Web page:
Posted by:

02 Feb 2018

"I've been critical of Defender in the past, but it seems to have improved greatly, and has some compelling new features."

That reads like damning with faint praise, Bob. I prefer for you to come right out and say what you mean.

Posted by:

John Anderson
02 Feb 2018

Is there any connection between this and Windows Defender telling me Malwarebytes is turned off when it really isn't?

Posted by:

02 Feb 2018

I do not like Defender, I cannot remove from my system, and I use Kaspersky Internet Security Suite 2018. Part of Defender is disabled, but some of it is still running.

Posted by:

02 Feb 2018

Frankly, I am not impressed. Sorry, but I want to know why Microsoft hasn't done this, a couple of decades ago???

I have been "hit" by these types of bogus programs, since I first started going on the Internet, back in 1997. Do I get them everyday? No, but often enough that it does make me mad.

Microsoft has given a hoot about all of the security issues, since the beginning of Windows, MS Office and the like. Otherwise, MS would have updated the OSs as soon as possible, instead of waiting for others to tell them what to do.

I have had Anti-Virus/Malware coverage since 1998. The first program I used was Zone Alarm and I had Ad-Aware by Lavasoft. Both of these programs were Free and they only wanted a donation, at that time. Things have changed a lot, since then.

My next product was AVG, the Free version and it worked diligently for almost 8 years before I purchased the Pro version. Then AVG started taking too much resources, I found aVast! (that is the way it was first titled, okay?) and used the Free version for about 7 years before I purchased the Paid version.

In the past few months, I became concerned about Avast. I really didn't like all of the advertising that it would do, especially since I had the Paid version. It was time to renew and I began looking for another A/V program. I had been a customer of Avast for a long time and in my renewal, there was NO discount or special pricing. When a company does this, I feel like I am being "stabbed in the back."

I tried a couple of different A/V products, finally selecting Bitdefender Total Security 2018 for 5 devices and 3 years! I felt that I got a really good deal. I am completely amazed that Bitdefender does NOT take a lot of resources! It simply works and works quietly in the background. I am happy with my choice.

Bob, you and several of your readers may not agree with me. However, this has been my experience. I have also learned how to recognize a potential bad program, early enough to do some good. I may not be a certified Geek, but I am a Geek none the less.

I can't begin to express my gratitude to you, Bob. . .For all of your articles in the past 2+ decades. What I have learned from you is immeasurable and you just keep on giving wonderful information to learn from. Thanks, Bob once again for all that you do for your readers.

Posted by:

Jeff Ferguson
02 Feb 2018

My understanding of Windows Defender in Windows 10 is as follows: it is by default the AV app in the OS. If you install a 3rd party AV and/or anti-malware app such as Malwarebytes, etc., then Windows Defender "promotes itself" as the "security supervisor" to monitor that the 3rd party apps do their jobs. Yes, it is unremovable and I agree, it is pretty good alone also.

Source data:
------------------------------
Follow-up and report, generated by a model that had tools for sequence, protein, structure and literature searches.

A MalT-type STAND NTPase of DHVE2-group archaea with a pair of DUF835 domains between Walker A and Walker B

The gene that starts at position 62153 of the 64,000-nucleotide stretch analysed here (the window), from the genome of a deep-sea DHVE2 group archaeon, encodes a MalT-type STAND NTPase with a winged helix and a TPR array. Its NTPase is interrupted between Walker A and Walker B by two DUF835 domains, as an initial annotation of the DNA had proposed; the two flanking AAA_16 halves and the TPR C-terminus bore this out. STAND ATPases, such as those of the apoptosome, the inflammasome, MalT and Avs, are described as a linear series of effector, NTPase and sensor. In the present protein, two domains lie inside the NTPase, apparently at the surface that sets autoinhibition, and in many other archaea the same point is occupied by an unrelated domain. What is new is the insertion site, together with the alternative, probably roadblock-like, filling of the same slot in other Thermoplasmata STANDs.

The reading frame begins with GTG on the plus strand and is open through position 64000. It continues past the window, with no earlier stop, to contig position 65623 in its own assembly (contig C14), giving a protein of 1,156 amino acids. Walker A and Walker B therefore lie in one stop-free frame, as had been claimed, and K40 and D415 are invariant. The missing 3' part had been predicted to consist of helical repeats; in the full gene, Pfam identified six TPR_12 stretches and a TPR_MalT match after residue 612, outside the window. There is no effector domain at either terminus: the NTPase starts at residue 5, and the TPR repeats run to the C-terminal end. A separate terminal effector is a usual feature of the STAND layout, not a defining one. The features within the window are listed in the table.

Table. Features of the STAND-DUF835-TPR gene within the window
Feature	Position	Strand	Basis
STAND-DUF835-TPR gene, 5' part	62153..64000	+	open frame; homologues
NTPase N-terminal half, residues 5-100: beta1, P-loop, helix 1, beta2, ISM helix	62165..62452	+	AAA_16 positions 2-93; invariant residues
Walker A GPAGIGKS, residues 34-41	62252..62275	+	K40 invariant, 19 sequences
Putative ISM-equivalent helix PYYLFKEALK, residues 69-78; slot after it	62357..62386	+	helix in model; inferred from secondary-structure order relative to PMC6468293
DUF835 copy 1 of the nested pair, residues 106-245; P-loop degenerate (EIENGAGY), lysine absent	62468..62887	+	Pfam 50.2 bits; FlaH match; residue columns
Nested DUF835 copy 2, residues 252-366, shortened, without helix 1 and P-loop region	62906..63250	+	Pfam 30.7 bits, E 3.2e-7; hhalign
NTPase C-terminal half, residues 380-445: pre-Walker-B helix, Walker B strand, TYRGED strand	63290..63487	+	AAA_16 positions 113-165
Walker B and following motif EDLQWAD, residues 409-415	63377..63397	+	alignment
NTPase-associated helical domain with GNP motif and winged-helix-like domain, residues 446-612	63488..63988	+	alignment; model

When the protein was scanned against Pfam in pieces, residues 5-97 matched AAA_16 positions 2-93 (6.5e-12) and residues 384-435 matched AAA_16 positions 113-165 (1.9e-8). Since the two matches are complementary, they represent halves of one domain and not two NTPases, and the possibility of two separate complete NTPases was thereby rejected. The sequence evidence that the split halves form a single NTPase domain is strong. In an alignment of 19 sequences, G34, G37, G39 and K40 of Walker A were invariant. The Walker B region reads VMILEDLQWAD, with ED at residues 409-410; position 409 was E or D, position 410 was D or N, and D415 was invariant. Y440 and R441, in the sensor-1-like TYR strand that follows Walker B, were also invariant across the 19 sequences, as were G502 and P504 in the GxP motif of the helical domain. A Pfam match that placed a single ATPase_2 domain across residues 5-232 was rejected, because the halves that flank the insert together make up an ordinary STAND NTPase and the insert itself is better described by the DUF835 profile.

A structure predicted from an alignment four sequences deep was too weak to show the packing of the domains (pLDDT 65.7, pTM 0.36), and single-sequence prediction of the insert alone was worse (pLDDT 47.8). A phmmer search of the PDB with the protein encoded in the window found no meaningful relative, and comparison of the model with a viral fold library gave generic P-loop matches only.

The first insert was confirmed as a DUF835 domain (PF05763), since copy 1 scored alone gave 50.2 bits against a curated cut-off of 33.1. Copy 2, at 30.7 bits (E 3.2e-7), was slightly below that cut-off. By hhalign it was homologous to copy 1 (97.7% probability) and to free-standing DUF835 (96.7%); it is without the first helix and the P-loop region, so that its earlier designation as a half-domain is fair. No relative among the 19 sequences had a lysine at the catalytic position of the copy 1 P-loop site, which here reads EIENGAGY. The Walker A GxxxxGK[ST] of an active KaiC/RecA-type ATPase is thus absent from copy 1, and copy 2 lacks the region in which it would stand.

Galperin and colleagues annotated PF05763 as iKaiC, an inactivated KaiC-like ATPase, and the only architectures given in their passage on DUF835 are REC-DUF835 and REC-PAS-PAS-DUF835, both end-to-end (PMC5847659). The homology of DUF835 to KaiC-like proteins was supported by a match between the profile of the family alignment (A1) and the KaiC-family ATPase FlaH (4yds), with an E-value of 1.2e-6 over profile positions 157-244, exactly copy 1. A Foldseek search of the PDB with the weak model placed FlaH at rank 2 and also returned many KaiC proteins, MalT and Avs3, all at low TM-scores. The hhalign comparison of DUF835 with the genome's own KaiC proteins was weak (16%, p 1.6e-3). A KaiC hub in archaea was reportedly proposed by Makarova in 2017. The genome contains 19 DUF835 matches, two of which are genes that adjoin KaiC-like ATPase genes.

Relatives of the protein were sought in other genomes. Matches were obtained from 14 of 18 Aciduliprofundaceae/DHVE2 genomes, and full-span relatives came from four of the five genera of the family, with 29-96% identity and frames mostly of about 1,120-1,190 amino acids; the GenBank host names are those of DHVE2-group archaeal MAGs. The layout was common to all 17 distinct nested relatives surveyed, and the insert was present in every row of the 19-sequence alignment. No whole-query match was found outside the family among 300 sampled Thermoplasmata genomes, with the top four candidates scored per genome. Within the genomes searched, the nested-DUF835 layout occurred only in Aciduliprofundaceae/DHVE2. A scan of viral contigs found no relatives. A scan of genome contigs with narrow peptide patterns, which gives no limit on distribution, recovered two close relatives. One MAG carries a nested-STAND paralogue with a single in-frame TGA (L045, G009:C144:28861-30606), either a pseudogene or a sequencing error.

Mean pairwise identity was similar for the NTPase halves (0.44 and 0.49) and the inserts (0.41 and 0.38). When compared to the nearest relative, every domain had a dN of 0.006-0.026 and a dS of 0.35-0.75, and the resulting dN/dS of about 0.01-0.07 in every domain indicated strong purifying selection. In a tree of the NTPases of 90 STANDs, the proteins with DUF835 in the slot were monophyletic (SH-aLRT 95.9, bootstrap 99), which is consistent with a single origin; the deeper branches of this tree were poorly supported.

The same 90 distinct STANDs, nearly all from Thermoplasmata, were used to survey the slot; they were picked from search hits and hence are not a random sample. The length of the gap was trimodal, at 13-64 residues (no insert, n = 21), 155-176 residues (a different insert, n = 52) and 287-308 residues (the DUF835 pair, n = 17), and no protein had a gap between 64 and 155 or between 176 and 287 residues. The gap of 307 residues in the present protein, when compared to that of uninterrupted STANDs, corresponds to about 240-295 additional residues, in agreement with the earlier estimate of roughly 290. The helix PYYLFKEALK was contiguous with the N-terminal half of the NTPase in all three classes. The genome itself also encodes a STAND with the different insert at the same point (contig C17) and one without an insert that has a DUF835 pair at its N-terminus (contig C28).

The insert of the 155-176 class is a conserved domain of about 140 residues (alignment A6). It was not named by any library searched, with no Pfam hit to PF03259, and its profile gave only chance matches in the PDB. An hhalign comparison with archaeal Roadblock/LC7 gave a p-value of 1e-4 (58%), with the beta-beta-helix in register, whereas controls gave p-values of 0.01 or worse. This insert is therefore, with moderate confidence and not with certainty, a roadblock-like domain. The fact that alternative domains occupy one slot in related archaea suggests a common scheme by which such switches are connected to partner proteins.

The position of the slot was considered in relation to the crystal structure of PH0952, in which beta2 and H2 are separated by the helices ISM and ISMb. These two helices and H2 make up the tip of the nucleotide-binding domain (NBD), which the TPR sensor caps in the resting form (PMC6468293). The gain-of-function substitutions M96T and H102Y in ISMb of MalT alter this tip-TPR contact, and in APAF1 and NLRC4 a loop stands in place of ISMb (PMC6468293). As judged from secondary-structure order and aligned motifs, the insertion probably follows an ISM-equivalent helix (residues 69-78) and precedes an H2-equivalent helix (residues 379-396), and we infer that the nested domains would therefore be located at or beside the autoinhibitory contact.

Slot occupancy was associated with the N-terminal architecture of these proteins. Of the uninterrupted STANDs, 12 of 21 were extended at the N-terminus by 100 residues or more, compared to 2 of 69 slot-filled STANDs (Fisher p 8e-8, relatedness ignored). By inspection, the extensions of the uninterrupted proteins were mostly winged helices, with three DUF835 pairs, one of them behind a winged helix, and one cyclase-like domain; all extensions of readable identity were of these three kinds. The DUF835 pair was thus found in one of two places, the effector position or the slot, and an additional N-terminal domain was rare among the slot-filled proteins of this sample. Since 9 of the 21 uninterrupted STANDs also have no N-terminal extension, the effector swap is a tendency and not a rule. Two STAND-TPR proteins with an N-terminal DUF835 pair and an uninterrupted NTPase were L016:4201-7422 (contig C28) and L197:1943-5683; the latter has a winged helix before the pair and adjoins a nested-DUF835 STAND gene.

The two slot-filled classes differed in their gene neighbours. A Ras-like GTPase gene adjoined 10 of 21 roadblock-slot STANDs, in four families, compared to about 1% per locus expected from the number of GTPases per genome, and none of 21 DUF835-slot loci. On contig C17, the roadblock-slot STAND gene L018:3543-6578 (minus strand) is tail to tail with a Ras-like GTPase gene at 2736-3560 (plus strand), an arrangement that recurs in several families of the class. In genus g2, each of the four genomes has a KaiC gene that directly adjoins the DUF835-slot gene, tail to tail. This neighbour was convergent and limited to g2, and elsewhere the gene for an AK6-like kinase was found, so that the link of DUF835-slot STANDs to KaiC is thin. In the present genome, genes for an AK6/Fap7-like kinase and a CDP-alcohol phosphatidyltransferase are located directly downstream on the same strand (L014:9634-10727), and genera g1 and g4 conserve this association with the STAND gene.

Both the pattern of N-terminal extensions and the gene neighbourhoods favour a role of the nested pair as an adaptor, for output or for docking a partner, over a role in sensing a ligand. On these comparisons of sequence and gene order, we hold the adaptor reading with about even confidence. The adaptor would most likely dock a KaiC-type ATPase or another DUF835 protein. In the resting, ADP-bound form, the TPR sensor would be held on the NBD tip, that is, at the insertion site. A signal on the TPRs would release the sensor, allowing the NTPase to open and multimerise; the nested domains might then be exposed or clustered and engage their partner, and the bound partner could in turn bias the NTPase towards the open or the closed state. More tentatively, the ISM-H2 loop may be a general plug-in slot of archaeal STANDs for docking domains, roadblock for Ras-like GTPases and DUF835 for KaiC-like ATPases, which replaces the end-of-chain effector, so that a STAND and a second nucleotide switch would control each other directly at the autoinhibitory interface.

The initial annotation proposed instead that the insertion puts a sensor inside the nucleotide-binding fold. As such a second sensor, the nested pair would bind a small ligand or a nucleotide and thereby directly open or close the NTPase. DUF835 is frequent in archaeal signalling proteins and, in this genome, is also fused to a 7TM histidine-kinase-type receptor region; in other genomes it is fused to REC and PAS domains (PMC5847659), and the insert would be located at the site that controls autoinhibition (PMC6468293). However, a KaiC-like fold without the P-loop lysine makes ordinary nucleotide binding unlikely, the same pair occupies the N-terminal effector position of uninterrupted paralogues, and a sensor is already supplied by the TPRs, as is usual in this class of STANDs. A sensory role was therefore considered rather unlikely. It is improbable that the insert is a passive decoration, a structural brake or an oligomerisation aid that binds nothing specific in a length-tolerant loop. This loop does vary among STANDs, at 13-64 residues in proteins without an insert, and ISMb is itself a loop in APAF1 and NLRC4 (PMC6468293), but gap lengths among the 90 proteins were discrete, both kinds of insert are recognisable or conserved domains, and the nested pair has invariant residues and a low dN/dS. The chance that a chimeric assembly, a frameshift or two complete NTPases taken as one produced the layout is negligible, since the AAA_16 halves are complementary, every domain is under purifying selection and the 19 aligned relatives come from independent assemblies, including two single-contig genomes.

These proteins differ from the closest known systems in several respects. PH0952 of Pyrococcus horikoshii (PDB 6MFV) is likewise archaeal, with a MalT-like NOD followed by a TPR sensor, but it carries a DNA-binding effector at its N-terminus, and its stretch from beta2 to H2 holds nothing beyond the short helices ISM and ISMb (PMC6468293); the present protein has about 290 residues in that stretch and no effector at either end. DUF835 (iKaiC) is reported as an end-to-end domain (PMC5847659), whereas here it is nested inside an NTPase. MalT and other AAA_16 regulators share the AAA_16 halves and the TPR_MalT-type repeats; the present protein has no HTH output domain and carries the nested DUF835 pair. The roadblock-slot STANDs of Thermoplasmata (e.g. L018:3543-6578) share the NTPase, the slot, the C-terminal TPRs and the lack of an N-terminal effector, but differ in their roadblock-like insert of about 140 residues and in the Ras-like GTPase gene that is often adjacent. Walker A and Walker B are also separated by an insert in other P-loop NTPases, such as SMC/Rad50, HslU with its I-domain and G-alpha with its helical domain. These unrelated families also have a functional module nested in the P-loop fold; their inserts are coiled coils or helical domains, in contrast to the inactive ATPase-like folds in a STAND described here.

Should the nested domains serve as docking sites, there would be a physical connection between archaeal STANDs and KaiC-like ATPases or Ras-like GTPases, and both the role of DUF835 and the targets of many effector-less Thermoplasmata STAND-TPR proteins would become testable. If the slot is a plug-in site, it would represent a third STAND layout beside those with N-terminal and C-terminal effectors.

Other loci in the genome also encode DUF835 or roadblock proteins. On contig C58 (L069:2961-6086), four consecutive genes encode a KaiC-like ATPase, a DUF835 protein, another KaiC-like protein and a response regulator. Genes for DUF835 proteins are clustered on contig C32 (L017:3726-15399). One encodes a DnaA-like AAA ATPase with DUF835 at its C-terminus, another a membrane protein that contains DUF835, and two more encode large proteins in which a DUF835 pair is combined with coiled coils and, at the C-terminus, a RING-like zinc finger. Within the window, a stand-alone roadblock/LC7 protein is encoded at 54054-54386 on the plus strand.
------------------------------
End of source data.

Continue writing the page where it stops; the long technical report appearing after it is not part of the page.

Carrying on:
Posted by:

02 Feb 2018

I totally agree with MmeMoxie!!!


i AM CURRENTLY USING Windows Defender in Win7.

Takes up few resources, is always updated, and catches a few things now and then, and doesn't keep flooding you with worthless crap on your screen.
I have other programs that I run weekly and monthly.
You can't rely on just one program, you need an arsenal.

Thanks for the good work Bob!!

Posted by:

Ed Jervis
02 Feb 2018

It is not clear in you article if the user will have a choice of whether to keep the program or not. You say they will automatically remove the program. Does that mean with or without approval by the user? If there is no user choice involved, that's the end of my use of Windows Defender. Microsoft tries to make too many choices for us as it is. I would think that it is only a matter of time for Microsoft competitor programs to start appearing on the bad list. I think Windows Defender is the best, just as it is.

Posted by:

02 Feb 2018

what is your opinion of P C Matic i have had it for 18 months american made product

Posted by:

Robert A.
02 Feb 2018

It would be wonderful if Microsoft could share this particular technology with all the other major, legitimate anti-virus and anti-malware makers, so that everyone could play on the same page, regarding computer security.

Posted by:

Tem M
02 Feb 2018

I never see any evaluations or comments about System Mechanic by iolo or their new Phoenix360. Are they one of the good guys or bad guys? I have used them for years without any problems that I am aware of.

Posted by:

02 Feb 2018

i really don't have much trust in microsft and their bias!

Posted by:

02 Feb 2018

Microsoft's initiative is most welcome. Now, although not quite directly related to computing, my prayer is that somebody will come out with a way to effectively and completely block nuisance, scam, robo-, and other intolerably intrusive phone calls.

Posted by:

06 Feb 2018

I have had good results using TeleZapper. They run abt $20 on Ebay. Phone rings once.

Posted by:

13 Feb 2018

I was nearly fooled by TotalAV. When I attempted to download TotalAV, it was immediately blocked and quarantined by both AVG and Malwarebytes. Malwarebytes, in fact, branded TotalAV "dangerous" and automatically rebooted my laptop to finalize its removal.